James Buchanan: A Resource Guide
This site allows you to search and view millions of historic American newspaper pages from 1836-1922. Search
this collection to find newspaper
articles that reference James Buchanan from this time
A selection of articles related to James Buchanan includes:
Treasures of the Library of Congress
This exhibition provides unique insight into various
aspects of American history and culture. Objects displayed
are organized according to the three categories that
Thomas Jefferson used for his library: memory, reason,
and imagination. The exhibition contains the first-known
photograph of a presidential inauguration, which was
taken by Montgomery C. Meigs at James
Buchanan's 1857 inauguration.
Do Solemnly Swear..." Inaugural Materials from the
Collections of the Library of Congress
Items from eighteen presidents are featured in this
online exhibition, including documents and images related
Buchanan's inauguration in 1857.
& Photographs Online Catalog (PPOC)
Search PPOC using the subject heading Buchanan,
find digital images related to Buchanan such as prints,
photographs, and political cartoons. Search
all text fields in PPOC using the phrase James
locate additional images.
A selection of highlights from PPOC includes:
The Library's daguerreotype collection consists of more
than 725 photographs dating from 1839 to 1864, including
four images of James
Historic American Buildings Survey/Historic American Engineering Record/Historic American Landscapes Survey
The collections document achievements in architecture, engineering, and landscape design in the United States and its territories through a comprehensive range of building types, engineering technologies, and landscapes. Included is documentation of Wheatland,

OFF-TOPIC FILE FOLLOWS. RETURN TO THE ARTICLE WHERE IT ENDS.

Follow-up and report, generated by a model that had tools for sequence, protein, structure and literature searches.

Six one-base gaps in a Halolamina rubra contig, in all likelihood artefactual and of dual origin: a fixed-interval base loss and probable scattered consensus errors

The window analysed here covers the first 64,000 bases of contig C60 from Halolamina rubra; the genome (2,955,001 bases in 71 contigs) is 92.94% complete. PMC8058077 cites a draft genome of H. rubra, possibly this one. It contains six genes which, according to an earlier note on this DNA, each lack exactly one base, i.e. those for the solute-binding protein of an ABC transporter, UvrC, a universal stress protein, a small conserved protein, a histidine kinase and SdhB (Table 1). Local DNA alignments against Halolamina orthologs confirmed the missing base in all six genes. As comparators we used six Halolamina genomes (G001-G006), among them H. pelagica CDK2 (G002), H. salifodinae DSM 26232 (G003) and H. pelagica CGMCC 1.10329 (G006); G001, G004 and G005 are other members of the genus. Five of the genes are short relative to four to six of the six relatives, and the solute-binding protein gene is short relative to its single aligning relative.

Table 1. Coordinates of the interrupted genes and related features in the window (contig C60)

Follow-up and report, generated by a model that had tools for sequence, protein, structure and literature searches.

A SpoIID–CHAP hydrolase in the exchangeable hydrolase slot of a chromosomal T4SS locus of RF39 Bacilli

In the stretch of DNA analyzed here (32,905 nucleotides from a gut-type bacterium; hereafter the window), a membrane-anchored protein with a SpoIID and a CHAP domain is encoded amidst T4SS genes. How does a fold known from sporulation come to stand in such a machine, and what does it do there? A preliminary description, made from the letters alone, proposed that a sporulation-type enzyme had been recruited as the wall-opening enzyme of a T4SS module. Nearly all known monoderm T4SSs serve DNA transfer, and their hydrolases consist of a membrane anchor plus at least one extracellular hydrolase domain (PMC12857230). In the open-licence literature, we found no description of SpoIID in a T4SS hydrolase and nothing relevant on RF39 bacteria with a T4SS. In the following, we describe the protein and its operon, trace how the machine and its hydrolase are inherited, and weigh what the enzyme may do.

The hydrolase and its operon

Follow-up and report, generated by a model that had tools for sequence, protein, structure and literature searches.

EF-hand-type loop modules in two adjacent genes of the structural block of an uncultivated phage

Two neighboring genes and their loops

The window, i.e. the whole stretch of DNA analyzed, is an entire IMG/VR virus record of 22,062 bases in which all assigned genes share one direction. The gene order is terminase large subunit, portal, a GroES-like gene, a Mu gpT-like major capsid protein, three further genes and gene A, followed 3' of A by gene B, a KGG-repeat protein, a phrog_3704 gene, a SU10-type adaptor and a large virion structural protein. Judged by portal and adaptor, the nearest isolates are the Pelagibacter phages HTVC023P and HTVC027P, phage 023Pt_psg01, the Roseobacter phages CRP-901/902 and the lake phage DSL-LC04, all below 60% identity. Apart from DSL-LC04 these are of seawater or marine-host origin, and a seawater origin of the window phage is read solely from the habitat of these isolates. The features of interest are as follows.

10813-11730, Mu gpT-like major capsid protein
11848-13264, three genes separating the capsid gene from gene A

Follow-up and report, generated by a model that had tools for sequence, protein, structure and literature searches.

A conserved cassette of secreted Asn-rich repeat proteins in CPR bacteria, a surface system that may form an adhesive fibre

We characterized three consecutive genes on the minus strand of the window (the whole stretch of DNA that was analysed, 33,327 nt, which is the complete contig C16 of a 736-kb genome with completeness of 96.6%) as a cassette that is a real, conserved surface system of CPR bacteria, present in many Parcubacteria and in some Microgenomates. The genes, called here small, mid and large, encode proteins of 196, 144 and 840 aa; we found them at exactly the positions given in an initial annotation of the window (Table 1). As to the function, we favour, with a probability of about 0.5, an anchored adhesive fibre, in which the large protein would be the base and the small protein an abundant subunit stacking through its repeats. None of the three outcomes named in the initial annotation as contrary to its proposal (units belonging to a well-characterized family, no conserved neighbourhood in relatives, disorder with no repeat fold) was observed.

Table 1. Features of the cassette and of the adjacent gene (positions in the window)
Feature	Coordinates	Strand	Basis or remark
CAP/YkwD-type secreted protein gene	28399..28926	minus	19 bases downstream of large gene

Buchanan's home from 1849 until his death in 1869.
Presidents of the United States Selected Images From the Collections of the Library of Congress
This guide presents portraits of U.S. presidents and first ladies, including images of James Buchanan.
Kansas entered the Union as a free state on January
29, 1861. Both North and South sent settlers to the territory,
giving rise to the sobriquet "Bleeding Kansas" as
violence erupted out of ideological differences regarding
U.S. congressman, senator, and presidential candidate
Stephen A. Douglas was born in Brandon, Vermont, on April
23, 1813. Douglas favored the use of popular elections
over Congressional legislation to determine whether Kansas
would be admitted as a slave or free state. This stance
caused a breach between Douglas and President James Buchanan,
although both were members of the Democratic Party.
Their views differed so strongly that for a time
Buchanan worked to block Douglas' reelection.
On May 11, 1858, Minnesota became the 32nd state admitted
into the Union. Minnesota's application for statehood was
submitted to President James Buchanan in January, but became
entangled with the controversial issue of Kansas statehood,
delaying it for several months until it was finally approved
On July 29, 1858, the United States and Japan signed the
Treaty of Amity and Commerce (the Harris Treaty). Townsend
Harris the first U.S. diplomatic representative to Japan,
negotiated the arrangement, which became effective July 4,
The major financial catalyst for the panic of 1857 was the
August 24, 1857, failure of the New York branch of the Ohio
Life Insurance and Trust Company. It was soon reported that
the entire capital of the Trust's home office had been embezzled.
What followed was one of the most severe economic crises
in U.S. history.
Late on the night of October 16, 1859, John Brown and
twenty-one armed followers stole into the town of Harper's
Ferry, Virginia (now West Virginia) as most of its residents
slept. The men--among them three free blacks, one freed
slave, and one fugitive slave--hoped to spark a rebellion
of freed slaves and to lead an "army of emancipation" to
overturn the institution of slavery by force.